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Thursday, October 30, 2003
The last Conservative leader ... and the next

Iain Duncan Smith was no Thatcher, no Churchill, no Disraeli. But he certainly deserved better than to be the first Conservative leader since Neville Chamberlain to be forced out of office without even fighting a General Election. I first joined the Tories in 1998, but I let my membership lapse, so I did not have a vote in the last leadership election. Given what appeared would be the choice, I was in no particular hurry to rejoin the party after William Hague resigned. I can remember chatting with a 'wet' friend in June 2001 about what would come next, with us both agreeing it looked as though either Kenneth Clarke or Michael Portillo would soon be leading the party, signifying a move considerably to the left that would satisfy him and concern me.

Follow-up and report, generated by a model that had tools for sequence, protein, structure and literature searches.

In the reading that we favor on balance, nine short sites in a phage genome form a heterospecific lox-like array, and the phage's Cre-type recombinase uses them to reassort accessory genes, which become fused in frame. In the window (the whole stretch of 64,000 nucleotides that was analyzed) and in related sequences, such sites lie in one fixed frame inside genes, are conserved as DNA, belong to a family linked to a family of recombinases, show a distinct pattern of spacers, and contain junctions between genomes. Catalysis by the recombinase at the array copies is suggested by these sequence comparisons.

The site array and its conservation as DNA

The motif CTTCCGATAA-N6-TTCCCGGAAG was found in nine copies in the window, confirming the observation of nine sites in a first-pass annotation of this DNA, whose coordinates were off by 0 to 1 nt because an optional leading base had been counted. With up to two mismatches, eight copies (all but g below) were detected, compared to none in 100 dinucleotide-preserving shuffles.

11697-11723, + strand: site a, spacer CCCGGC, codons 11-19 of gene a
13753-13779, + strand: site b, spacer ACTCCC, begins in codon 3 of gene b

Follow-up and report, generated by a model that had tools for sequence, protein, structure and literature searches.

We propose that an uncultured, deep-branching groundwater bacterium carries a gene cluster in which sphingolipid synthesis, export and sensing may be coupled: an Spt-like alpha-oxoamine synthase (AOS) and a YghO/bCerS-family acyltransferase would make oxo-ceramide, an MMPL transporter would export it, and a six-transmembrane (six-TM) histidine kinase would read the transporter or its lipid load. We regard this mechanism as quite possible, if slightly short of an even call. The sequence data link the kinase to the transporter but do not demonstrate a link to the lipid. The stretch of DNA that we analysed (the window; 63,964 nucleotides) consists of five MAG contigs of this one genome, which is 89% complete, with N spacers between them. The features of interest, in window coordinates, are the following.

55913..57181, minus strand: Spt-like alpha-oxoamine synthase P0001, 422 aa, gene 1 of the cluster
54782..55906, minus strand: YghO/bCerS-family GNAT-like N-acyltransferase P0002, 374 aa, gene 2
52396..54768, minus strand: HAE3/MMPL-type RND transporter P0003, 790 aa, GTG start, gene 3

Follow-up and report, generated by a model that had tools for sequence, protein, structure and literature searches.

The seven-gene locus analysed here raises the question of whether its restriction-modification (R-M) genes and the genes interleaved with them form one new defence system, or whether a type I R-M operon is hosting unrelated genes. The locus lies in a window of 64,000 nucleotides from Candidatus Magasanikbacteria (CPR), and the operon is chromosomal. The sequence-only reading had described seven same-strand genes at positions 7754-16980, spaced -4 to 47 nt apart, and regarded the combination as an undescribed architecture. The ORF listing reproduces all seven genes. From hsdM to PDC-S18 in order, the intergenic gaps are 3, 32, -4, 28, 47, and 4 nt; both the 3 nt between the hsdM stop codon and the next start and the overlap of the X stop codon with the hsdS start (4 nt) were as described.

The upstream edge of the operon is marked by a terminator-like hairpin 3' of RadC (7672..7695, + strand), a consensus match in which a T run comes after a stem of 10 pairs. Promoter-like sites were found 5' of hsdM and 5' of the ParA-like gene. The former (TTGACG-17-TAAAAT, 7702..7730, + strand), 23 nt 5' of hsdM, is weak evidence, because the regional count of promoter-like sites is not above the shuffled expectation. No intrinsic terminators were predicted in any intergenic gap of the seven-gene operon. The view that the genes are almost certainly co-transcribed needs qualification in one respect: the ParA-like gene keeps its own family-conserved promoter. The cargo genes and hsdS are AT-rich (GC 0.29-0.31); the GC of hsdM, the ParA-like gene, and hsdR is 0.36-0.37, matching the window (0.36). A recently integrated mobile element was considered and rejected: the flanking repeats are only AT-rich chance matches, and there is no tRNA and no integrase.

So when IDS moved in a few days from being an outsider to being the favourite, I was relieved. I believed that travelling full steam ahead in the directions proposed either by Clarke or Portillo would be inconsistent with the conservative vision and was likely to be ineffective in winning back lost support. Equally, I was unconvinced that the personalities of either one would be a positive factor in polling stations to any great degree. Like I think most of the membership of the party, then, Iain Duncan Smith was if anything the default choice. The most common expression of this, that he was chosen for not being Clarke and for not being Portillo, was true for me.

But given this, the Tories still ended up on 13 September 2001 with a leader with no experience of ministerial office whose days as a Maastricht rebel and Redwood cheerleader were at least as memorable as his time shadowing the Social Security and Defence ministries. I cannot deny that at times in those early days I feared the party had made the wrong choice. Portillo may have been proposing a range of essentially Blairite reforms to the party - as if Thatcherism were no more effective or voter-friendly than Old Labour - but he still seemed less of a leap in the dark.

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